2004 Annual Report
1.What major problem or issue is being resolved and how are you resolving it (summarize project aims and objectives)? How serious is the problem? What does it matter?
Invasive species are a primary threat to biodiversity. Invasive plants can threaten natural areas by competing with native species, altering habitats, and disturbing ecosystem processes. These impacts can result in the displacement and eventual elimination of native plants and animals, along with their unique genetic resources and ecological functions. While certainly not the only contributor, the nursery industry has introduced many invasive plants in North America that were originally intended for ornamental and landscape use. Mitigation of invasive species has therefore become a national priority for the nursery industry.
In order to meet this national priority, a specific cooperative agreement was initiated between ARS, North Carolina State University, and Oregon State University to develop sterile or highly infertile cultivars of important nursery crops. This cooperative research will also examine methodology to develop sterility in plants, including the use of ploidy manipulations, wide crosses, and genetic engineering. This report serves to document the progress of the cooperative agreement between ARS and North Carolina State University.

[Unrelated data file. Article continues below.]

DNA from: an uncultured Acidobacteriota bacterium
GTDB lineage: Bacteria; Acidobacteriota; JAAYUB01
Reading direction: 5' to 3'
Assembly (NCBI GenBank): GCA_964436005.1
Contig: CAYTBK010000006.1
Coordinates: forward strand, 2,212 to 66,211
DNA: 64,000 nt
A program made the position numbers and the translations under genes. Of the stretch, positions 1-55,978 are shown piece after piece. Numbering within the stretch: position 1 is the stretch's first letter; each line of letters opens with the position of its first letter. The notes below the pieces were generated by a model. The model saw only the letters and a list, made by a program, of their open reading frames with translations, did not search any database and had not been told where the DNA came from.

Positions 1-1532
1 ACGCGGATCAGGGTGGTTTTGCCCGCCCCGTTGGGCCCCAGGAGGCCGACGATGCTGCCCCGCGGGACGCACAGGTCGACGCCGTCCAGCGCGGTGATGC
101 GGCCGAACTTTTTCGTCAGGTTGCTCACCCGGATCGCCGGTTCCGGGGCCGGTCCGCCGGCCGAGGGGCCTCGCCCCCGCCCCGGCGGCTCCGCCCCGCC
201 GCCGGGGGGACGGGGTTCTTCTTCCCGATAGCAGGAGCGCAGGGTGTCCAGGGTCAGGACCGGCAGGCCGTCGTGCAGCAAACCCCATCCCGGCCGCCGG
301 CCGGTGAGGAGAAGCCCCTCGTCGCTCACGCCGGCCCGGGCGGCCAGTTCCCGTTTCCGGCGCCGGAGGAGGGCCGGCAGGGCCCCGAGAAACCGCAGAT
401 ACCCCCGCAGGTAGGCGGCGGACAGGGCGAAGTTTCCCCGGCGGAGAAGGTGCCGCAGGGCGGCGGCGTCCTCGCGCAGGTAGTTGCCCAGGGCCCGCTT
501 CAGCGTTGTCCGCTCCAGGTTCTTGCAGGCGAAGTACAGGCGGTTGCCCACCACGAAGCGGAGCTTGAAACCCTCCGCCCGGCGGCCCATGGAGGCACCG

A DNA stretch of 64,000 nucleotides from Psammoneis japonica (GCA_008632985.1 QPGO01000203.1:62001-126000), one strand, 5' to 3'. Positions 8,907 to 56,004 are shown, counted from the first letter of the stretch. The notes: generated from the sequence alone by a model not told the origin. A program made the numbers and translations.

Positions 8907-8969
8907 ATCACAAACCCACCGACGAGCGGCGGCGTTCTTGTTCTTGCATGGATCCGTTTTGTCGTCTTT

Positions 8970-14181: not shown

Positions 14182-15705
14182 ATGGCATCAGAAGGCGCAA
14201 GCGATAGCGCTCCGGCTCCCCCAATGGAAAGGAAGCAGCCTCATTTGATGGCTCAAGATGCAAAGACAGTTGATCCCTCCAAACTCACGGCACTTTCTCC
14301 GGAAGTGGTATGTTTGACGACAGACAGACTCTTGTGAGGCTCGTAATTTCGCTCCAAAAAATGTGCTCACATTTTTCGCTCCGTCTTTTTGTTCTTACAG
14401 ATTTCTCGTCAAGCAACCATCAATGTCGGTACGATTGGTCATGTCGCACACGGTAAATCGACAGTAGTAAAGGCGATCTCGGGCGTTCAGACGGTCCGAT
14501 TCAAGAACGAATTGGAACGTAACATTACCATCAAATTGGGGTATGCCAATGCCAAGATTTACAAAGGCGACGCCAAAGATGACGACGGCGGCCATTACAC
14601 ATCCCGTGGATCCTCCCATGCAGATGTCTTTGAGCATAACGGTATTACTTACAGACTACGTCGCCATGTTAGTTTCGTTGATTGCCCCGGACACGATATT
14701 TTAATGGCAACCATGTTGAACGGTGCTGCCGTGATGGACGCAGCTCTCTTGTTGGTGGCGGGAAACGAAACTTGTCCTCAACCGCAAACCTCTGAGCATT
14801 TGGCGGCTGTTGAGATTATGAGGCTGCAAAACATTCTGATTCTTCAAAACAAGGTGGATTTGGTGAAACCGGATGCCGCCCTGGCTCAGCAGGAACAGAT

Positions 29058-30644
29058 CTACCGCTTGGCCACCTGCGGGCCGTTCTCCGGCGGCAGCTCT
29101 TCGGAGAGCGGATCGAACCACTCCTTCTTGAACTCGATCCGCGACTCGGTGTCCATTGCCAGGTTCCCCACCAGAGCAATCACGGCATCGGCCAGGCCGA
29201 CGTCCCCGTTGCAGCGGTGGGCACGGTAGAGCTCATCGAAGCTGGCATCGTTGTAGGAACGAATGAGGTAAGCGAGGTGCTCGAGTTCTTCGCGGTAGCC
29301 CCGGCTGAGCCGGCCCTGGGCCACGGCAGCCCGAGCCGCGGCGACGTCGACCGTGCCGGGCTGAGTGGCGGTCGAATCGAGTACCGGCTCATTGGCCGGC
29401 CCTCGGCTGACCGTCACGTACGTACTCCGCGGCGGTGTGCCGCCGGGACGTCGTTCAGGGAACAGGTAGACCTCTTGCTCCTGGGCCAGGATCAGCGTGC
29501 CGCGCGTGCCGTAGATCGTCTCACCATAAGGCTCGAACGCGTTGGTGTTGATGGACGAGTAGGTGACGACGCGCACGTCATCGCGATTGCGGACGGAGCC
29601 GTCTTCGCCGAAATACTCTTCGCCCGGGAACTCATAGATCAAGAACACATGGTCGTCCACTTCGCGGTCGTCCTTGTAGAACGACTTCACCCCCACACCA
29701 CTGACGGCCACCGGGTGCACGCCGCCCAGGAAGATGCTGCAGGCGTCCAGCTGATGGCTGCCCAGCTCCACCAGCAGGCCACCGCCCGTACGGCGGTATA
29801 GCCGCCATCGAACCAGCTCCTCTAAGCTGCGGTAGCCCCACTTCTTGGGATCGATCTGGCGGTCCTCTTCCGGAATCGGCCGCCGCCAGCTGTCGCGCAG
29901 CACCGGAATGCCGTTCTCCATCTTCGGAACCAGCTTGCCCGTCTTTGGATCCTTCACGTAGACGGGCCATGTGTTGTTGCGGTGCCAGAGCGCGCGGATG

This research falls under National Program 301 - Plant, Microbial and Insect Germplasm, Conservation, and Development. The research involves germplasm evaluation and enhancement as well as safeguarding and conserving genetic resources.
2.List the milestones (indicators of progress) from your Project Plan.
Because this research is part of a Specific Cooperative Agreement which can be renewed yearly, there are no milestones associated specifically with this project, as there are with a regular five-year project plan. Milestones for the associated in-house research are described in the report for CRIS 1230-21000-041-00D. However, specific objectives for this project are:
Year 1 (FY2003)